NAC Architecture reinterprets the idea of 'rural' for a contemporary school
Machias is a replacement elementary school. Located in a river valley with ranches, barns and farmhouses, the physical and cultural context has a distinct rural quality. The site is a plateau slightly above the valley floor with a forested hill as a natural boundary to the east. The client had a strong goal for the new building 'to be rural'. It became apparent that they did not have a clear notion of what rural meant to them but they liked 'the idea of rural'. So with that the task was set.
The architects had to find the right interpretation of that desire for the site. They asked themselves; 'how can a contemporary public school create an authentic sense of place that connects people to the rural cultural and physical context?' Connection to the land and engagement of the vast open space of the valley became guiding design strategies. The design response focused on expanding traditional rural notions of sustainability and translating them into a contemporary school imbued with principles of self-sufficiency, material reuse and respect for the land.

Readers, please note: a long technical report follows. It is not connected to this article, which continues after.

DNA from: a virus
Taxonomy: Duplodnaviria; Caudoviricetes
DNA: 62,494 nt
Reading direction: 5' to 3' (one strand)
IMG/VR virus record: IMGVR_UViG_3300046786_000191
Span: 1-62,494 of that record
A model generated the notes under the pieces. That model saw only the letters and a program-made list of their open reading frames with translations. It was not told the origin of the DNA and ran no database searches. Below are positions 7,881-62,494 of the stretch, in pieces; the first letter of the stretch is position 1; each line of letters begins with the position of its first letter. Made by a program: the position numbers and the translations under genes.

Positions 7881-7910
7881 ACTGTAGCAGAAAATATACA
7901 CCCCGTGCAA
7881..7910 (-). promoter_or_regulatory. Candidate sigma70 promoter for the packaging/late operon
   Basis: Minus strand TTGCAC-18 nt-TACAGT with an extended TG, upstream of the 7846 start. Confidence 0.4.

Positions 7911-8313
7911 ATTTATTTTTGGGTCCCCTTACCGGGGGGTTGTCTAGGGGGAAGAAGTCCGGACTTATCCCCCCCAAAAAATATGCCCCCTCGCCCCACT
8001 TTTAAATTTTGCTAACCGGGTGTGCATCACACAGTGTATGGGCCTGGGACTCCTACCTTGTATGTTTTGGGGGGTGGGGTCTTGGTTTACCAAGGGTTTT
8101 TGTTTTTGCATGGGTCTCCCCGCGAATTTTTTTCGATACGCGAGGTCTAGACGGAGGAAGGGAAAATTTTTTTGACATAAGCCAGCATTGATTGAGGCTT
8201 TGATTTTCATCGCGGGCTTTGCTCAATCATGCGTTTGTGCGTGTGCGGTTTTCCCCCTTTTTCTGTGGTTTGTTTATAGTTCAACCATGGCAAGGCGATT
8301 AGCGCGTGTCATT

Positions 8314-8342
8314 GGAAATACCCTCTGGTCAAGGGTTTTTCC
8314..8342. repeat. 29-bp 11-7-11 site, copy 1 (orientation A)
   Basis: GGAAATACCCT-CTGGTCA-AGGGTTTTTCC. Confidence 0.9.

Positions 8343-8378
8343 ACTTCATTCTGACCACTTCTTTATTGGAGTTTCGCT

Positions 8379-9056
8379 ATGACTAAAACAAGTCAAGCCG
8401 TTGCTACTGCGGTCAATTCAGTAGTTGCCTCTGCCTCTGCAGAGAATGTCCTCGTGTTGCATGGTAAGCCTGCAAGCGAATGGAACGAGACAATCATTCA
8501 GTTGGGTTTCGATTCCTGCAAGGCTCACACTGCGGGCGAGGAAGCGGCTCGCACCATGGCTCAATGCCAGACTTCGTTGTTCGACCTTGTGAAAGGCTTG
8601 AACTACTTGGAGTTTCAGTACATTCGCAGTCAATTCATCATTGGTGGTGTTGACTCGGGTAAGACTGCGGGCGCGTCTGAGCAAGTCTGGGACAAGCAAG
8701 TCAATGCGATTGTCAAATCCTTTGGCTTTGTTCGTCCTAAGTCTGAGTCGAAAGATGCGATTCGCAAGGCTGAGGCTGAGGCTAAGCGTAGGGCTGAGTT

This was accomplished through locating the building in such a way that the building gently mitigates between the large open space of the valley and the hill behind it – reinforcing rural development patterns and creating a strong connection to the land. The design connects people to their site while preserving the previous memory of the place through innovative material reuse.
Curved roof beams salvaged from the original building become the skeleton of the new undulating wall. Their presence in the communal spaces of the school constantly connects occupants with the site specific history. Self-sufficiency is highlighted in the building through a highly efficient envelope and HVAC design, a 100 kW photovoltaic array, and through efforts to engage occupants in reducing energy use.